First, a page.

Saturday, April 30, 2016

Yarny things including sheep, antique knitting patterns, and bagpipes

Last week I had the pleasure of hearing Franklin Habit speak at The Loopy Ewe's Spring Fling. Nope, I wasn't a Flinger (how do you join that club?) and though I sat about 10 feet from Franklin which gave me plenty of time to contemplate whether hipster garb would work for me (I think not), I did not see the Yarn Harlot, my hero. I saw evidence in photographs that she was around, but I did not find her. I am pleased to say that Franklin was an excellent substitute.

Franklin was wonderful in fact. His talk was about antique knitting patterns. He promised at the beginning that he would get us interested in this particular rabbit hole of knitting lore and he almost succeeded in my case.
I did go home and buy his book, It Itches. It is a hilarious collection of cartoons and thoughts about knitting and definitely worth a read.

And he finished off with a lovely night cap pattern. What an enchanting evening, complete with pocket watch.
Fast forward to last weekend...

Saturdays are a good time to run errands--especially when your errands include two yarn stores, one of which is having a fleece day.

Somehow I wasn't surprised when I pulled into the parking lot of The Recycled Lamb and heard a bagpipe. Bagpipes mean Scotland and Scotland means sheep and well, there weren't any sheep on the lawn of the shop, but there were goats and alpaca and plenty of sheep fleeces.
I drove down for the fleece day to find fiber for a project I want to do this summer. Alas, I have been spoiled by Maggie Casey and the fleeces she gets from Sheep Feather's Farm. Nothing I saw could compare and I'm going to have to somehow bribe either Maggie or the owner of the farm, Robin Phillips for one of those gorgeous corriedale fleeces.
The Lamb has many classrooms and they always have classes going on. This one was ready for a spinning class. I bumped into the knitting teacher from my two-at-a-time-toe-up sock class a few months ago and was happy to be able to say that I am just finishing the ribbing of my first pair of socks knit this way.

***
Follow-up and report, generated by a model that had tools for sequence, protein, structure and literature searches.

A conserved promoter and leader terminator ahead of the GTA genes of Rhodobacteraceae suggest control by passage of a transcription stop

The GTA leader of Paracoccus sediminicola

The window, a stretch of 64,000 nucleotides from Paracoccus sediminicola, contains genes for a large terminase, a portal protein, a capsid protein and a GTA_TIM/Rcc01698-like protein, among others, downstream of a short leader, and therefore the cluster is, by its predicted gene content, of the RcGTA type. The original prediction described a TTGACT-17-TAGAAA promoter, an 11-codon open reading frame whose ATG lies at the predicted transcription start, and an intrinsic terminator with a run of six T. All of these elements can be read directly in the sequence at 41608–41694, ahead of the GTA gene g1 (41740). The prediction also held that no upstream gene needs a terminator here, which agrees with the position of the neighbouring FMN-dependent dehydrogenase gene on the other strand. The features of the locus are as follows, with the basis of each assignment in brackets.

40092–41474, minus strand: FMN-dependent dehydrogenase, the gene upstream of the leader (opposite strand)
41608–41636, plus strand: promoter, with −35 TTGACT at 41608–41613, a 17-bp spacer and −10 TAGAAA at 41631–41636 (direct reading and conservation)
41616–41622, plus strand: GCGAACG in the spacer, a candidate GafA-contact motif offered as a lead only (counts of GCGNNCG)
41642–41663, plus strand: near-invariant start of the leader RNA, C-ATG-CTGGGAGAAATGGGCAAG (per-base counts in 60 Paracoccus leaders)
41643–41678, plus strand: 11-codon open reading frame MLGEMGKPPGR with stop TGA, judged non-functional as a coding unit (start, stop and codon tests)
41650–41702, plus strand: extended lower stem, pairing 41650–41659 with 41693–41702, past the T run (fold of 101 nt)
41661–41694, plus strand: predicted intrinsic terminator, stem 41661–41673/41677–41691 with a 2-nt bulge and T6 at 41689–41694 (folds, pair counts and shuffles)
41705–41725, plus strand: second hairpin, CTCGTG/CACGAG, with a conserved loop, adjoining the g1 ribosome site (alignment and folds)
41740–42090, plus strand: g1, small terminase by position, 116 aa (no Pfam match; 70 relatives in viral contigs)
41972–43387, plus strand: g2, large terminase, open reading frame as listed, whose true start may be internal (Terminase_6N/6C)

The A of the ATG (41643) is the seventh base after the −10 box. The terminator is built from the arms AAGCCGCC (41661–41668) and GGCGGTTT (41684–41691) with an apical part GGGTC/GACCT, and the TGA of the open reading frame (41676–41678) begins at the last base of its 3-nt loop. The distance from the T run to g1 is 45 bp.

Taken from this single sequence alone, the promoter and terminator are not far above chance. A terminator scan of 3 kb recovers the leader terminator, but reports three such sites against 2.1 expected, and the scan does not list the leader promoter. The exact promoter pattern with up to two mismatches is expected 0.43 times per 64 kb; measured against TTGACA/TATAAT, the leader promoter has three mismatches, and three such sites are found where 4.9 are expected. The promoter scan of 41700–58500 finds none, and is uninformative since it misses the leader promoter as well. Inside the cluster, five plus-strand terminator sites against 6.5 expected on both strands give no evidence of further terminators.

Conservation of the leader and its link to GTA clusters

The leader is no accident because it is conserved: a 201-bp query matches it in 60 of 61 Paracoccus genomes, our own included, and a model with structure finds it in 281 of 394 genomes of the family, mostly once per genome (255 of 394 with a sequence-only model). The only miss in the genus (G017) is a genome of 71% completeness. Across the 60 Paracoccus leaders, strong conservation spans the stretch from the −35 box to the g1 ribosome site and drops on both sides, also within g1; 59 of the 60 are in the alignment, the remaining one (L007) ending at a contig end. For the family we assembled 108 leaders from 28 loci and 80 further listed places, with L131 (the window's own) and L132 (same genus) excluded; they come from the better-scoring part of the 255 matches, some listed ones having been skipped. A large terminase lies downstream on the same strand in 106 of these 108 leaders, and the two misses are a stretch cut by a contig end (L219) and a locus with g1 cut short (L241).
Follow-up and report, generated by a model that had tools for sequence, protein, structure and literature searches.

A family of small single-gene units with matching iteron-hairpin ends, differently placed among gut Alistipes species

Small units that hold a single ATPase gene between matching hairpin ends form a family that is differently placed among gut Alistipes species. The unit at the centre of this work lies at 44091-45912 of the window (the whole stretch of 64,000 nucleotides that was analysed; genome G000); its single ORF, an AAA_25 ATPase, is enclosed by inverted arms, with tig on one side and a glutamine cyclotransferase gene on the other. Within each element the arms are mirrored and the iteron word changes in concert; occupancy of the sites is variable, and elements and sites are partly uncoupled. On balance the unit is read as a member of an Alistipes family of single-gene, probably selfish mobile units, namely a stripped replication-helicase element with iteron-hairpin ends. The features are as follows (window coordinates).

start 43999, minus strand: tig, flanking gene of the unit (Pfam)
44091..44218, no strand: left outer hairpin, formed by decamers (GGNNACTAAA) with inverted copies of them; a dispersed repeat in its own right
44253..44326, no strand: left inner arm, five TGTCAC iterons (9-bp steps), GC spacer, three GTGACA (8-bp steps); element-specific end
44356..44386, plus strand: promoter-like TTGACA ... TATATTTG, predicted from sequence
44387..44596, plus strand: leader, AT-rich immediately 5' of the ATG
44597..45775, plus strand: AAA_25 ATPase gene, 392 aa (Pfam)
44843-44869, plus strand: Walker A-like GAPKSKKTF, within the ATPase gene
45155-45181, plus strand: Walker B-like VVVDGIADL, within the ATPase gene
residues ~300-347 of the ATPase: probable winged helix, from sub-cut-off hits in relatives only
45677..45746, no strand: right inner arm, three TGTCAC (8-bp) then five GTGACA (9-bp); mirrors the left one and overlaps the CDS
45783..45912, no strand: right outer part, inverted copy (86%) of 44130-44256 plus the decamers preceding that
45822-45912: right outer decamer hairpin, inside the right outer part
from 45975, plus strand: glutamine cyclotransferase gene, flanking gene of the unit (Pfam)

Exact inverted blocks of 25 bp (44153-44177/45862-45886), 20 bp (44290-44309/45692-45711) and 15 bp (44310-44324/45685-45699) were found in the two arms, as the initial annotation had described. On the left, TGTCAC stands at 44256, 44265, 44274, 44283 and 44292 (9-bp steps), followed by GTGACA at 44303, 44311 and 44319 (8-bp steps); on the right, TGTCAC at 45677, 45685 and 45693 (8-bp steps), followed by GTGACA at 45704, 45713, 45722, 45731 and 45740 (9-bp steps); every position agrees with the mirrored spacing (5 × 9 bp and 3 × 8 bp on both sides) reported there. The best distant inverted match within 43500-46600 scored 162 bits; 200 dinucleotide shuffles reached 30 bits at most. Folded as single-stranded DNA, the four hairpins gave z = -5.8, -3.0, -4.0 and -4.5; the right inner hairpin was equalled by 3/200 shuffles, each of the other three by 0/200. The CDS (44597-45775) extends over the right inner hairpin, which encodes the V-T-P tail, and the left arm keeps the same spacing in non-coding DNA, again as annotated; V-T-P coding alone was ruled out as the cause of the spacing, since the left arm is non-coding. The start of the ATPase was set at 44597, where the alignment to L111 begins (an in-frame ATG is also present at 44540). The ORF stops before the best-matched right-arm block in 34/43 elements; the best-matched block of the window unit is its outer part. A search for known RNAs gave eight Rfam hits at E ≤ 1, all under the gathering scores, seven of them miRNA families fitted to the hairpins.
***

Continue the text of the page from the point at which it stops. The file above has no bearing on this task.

And the Lamb still had a few of Sarah Swett's How to Weave a Bag on a Box. If you can't get one from them, you can get them HERE. You're welcome.

Yarn-y things.

Tuesday, April 26, 2016

Tapestry process. Design. Dye. Sample. Repeat.

This month I'm working on a design and color palette for a commission. Since having goals and deadlines on a calendar has proved to be a good way to keep myself from frittering away days "playing with yarn", my plan is to start weaving this piece in May. Since May is pretty much tomorrow, I'm hoping to find a wrinkle in time long about Thursday.

While I wait for the client approval on the colors (let's not think about what might happen if they don't like them), I'll show you the process thus far.

After the discussions about design and approval of a preliminary cartoon, I started some sample dyeing. They loved the colors of two of my Emergence series pieces and I started with those.

Dyeing in quart jars is a favorite thing of mine. I like it because I can have 8 new colors per pot in just a few hours instead of eight colors in a whole day. Of course the limitation is the amount of yarn you can fit in a quart jar and with the size pieces I weave, amounts call for bigger pots.

I showed you some of my first colors in THIS post last week.
Here are some of them skeined up waiting for the ball winder.
And after their meeting with the ball winder.
After finishing all of these, I was not happy with the main color for the piece--the deep red-violet in the center above. It seemed too black. In my digging in my yarn samples I found a small ball of the original color from the earlier piece that the clients liked and remembered that one of the dye books I was using back then used a different black formula. So I altered the amount of black and tried again. Perfect.

I wove a sampler showing both of these colors for the client. It turned out so cute I wished I could keep it! The weaving to the left is for the client, the one to the right is a sample for my reference.
I did the finishing, admittedly while watching Anthony Bourdain's Parts Unknown Sunday night. Gave her a little steam, stitched her up...
...and there you have it.

The old red-violet with more black is on the bottom, the one with less black at the top.
A priority mail box was filled and I was off to the post office.

After the client sees the woven and yarn samples, we get to repeat the process. Hopefully this time with full quantities of yarn.

Monday, April 25, 2016

That moment when you know you know what you know

Ever had that moment when you knew you nailed it? When you had the skill, understood what was happening, anticipated results, made it work?